Jessica Keener’s Night Swim, A Decade Later

Set in the pivotal summer of Sarah Kunitz’s life, Night Swim (Vitis, $16.95) offers a nuanced and tender portrait of teen-age angst, confusion and ultimately triumph.  Fiction Editor Yona Zeldis McDonough talks to novelist Jessica Keener about what makes Sarah run. 

YZM: This is a special, tenth anniversary edition of the novel—what was the occasion for the reprint and what are some of the ways the novel can be read differently now? 

JK: The story of Night Swim, which is about a dysfunctional Jewish family in 1970, and a coming of age of Sarah Kunitz, is set in a chaotic and divisive time in America. The Vietnam War, racism, shifting gender roles, and sexism collided and erupted and led to much unrest. My publisher and I decided to bring out an anniversary edition this year (2023) in part because of the reversal of  Roe v. Wade, in part because of the growing awareness of institutional racism in America, and in part because of our country’s ongoing struggle to adequately address mental health issues and their impact on our families and schools. The question of a woman’s reproductive rights at the time of the novel’s debut seemed untouchable and curious to me, the role of Black maids in upper middle-class Jewish homes largely overlooked by reviewers when the novel first came out. Revisiting Night Swim a decade later presents an opportunity to reexamine these issues with greater depth and perspective, and to reconsider how we view ourselves today.

YZM: Sarah grows up in a house full of males with only her not-entirely-stable mother as the only other female; how does this affect her? 

JK: Sarah finds comfort in her relationships with her three brothers, but her mother is someone who, without giving away the story, is unable to be present and available for her. As a result, young Sarah lives with an emotional void inside her, which also creates a buried sense of powerlessness. She fills this void with her singing and music. In her teenage years, when her life is heavy with crushing loss, she engages in sexual experimentation as a way to free herself from her grief, not understanding the consequences of her impulses.

YZM: At first, Sarah does not respond to the antisemitic taunting from the girls at school but later she does; how does her reaction evolve? 

JK: The antisemitic incident in the novel is based on something that happened to me in Junior High. So, speaking from personal experience, I’ll say that when something like this happens, I think it’s common to feel fear and anger but also disbelief at first and the idea of taking action or strategizing a response comes later.  For Sarah, when the girls taunt and throw a lit cigarette at her, she decides to keep her emotions in check. She’s mortified and angry but she doesn’t want those girls to think they have the power to hurt her. So, she hardens herself. This is characteristic of Sarah, who too often tries to take on burdens that ought to be shared—either with a stable adult or friends. But after the second bully incident, she sees that withholding her reaction won’t stop them. That’s when she seeks the help of a boy at school who likes her. She asks him to protect her and her friend. This proved successful in ways she didn’t expect.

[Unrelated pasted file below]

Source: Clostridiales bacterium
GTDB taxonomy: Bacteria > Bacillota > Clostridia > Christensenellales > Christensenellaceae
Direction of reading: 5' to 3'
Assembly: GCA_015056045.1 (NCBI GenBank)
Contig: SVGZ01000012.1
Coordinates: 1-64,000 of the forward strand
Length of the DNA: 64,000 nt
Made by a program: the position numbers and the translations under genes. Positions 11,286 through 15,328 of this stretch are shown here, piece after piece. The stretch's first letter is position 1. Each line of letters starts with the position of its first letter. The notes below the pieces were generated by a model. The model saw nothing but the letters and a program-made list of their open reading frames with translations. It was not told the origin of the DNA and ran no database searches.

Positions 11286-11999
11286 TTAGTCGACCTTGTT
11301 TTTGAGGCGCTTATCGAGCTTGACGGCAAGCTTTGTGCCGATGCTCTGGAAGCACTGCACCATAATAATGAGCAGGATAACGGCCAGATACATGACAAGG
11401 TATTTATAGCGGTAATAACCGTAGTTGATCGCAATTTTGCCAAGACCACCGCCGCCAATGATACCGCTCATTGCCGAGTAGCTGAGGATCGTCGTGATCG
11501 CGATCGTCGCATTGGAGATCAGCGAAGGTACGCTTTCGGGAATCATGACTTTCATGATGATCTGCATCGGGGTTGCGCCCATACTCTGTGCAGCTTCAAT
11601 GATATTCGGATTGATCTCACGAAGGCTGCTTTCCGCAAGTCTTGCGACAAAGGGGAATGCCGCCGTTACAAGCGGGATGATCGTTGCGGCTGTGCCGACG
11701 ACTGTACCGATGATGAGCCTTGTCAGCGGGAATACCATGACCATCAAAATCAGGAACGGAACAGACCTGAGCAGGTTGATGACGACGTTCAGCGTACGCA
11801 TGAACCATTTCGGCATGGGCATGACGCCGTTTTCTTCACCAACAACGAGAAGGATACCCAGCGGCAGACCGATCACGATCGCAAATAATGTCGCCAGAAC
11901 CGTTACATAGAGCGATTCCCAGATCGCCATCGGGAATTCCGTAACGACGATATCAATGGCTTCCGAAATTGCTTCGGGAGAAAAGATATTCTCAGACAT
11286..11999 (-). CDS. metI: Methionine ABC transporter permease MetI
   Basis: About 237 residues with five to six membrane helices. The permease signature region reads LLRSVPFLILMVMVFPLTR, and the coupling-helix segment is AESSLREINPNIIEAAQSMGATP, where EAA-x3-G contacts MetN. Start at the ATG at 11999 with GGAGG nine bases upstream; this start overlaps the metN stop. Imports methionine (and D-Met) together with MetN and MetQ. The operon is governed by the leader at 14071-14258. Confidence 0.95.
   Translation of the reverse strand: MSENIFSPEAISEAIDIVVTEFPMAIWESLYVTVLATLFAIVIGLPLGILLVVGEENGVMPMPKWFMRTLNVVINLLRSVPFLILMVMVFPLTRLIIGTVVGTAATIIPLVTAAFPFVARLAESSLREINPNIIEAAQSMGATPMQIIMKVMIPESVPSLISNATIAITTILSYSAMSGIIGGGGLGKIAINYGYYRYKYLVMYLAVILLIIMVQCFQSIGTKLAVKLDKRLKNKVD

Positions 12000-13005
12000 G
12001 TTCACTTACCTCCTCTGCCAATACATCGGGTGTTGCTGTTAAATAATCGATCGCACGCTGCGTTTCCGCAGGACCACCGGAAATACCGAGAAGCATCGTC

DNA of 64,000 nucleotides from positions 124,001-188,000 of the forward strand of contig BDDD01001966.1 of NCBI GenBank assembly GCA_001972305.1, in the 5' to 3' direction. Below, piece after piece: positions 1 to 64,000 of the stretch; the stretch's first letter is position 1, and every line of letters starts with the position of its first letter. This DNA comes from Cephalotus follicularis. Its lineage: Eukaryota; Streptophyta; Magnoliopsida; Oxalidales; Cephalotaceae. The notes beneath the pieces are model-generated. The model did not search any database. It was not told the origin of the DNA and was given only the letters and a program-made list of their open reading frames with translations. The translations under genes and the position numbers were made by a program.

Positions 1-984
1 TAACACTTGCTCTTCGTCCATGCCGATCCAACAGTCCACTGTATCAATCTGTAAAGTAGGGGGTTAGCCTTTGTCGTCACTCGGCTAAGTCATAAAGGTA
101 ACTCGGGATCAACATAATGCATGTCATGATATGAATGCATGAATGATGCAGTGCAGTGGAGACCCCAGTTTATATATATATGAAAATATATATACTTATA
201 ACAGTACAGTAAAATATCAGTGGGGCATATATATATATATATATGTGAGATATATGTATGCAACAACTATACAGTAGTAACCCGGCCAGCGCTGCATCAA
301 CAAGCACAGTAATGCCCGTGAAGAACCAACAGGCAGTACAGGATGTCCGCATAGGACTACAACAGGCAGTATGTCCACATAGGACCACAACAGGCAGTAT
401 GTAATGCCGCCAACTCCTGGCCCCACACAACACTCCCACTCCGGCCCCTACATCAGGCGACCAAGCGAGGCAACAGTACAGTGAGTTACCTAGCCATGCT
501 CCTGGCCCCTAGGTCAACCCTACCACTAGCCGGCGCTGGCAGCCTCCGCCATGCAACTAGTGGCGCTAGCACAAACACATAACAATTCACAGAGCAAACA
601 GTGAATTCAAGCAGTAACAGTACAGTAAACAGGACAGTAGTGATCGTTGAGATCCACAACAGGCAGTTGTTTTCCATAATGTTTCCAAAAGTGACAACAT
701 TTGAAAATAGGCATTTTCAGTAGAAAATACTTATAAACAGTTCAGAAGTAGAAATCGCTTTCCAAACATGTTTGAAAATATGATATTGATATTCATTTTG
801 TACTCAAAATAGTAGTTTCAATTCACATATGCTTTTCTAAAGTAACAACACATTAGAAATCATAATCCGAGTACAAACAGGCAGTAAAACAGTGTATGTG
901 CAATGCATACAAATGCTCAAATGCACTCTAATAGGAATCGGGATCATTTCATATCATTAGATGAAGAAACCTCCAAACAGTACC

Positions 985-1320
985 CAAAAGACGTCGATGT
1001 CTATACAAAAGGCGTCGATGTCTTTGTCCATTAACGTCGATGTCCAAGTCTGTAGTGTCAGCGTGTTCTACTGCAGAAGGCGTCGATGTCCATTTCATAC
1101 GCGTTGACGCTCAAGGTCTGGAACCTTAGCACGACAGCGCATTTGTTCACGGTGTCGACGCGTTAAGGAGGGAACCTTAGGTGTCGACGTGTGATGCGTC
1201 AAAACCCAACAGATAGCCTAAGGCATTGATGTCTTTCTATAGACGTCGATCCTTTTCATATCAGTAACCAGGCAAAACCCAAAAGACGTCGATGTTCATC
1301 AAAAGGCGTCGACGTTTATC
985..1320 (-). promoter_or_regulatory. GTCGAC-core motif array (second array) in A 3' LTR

YZM: How has the conversation about the role of Black maids in Jewish households changed over time? 

JK: I’m glad you asked this question because I’m not sure there has been any in-depth conversation around this. Recently I watched a documentary produced by Barack and Michelle Obama called “Working: What We Do All Day.” I learned that 65 percent of home care workers are people of color. Home care workers are not Black maids, but I think there’s a correlation between the two. Both positions are low paying, offer little incentive for growth and benefits, and can be physically and emotionally demanding. Yet, they make a huge difference to those who need their care—particularly the aged and infirm and family members who rely on them. Today, my 98-year-old mother lives in a Senior Living facility where most of the caretakers are Black. As a society, we can do better by paying caregivers a living wage. But that won’t happen if we don’t look closer and honestly at the key role these workers play in all of our lives.

YZM: Let’s talk about the issue of reproductive rights as they play out in the novel; Sarah could not get a legal abortion at that time; did you ever imagine that she would face similar restrictions today? 

JK: When I wrote Night Swim, I wanted readers to experience what one upper middle class teenage girl would face in 1970 should she have an unwanted pregnancy. What would it involve? What would it cost? Would it require travel? Secrecy? Shame? Where would she go for help? The only state that allowed a legal abortion at that time was New York. A few years later, in 1973, the Supreme Court ruled to protect a pregnant women’s right to choose abortion, regardless of what state she lived in. Never, in my wildest dreams did I imagine this right, cemented into law for fifty years, would be revoked. But here we are, back in 1970, fighting for full ownership of our own bodies again. It’s an unfortunate recurrence that thrust Sarah back to the future.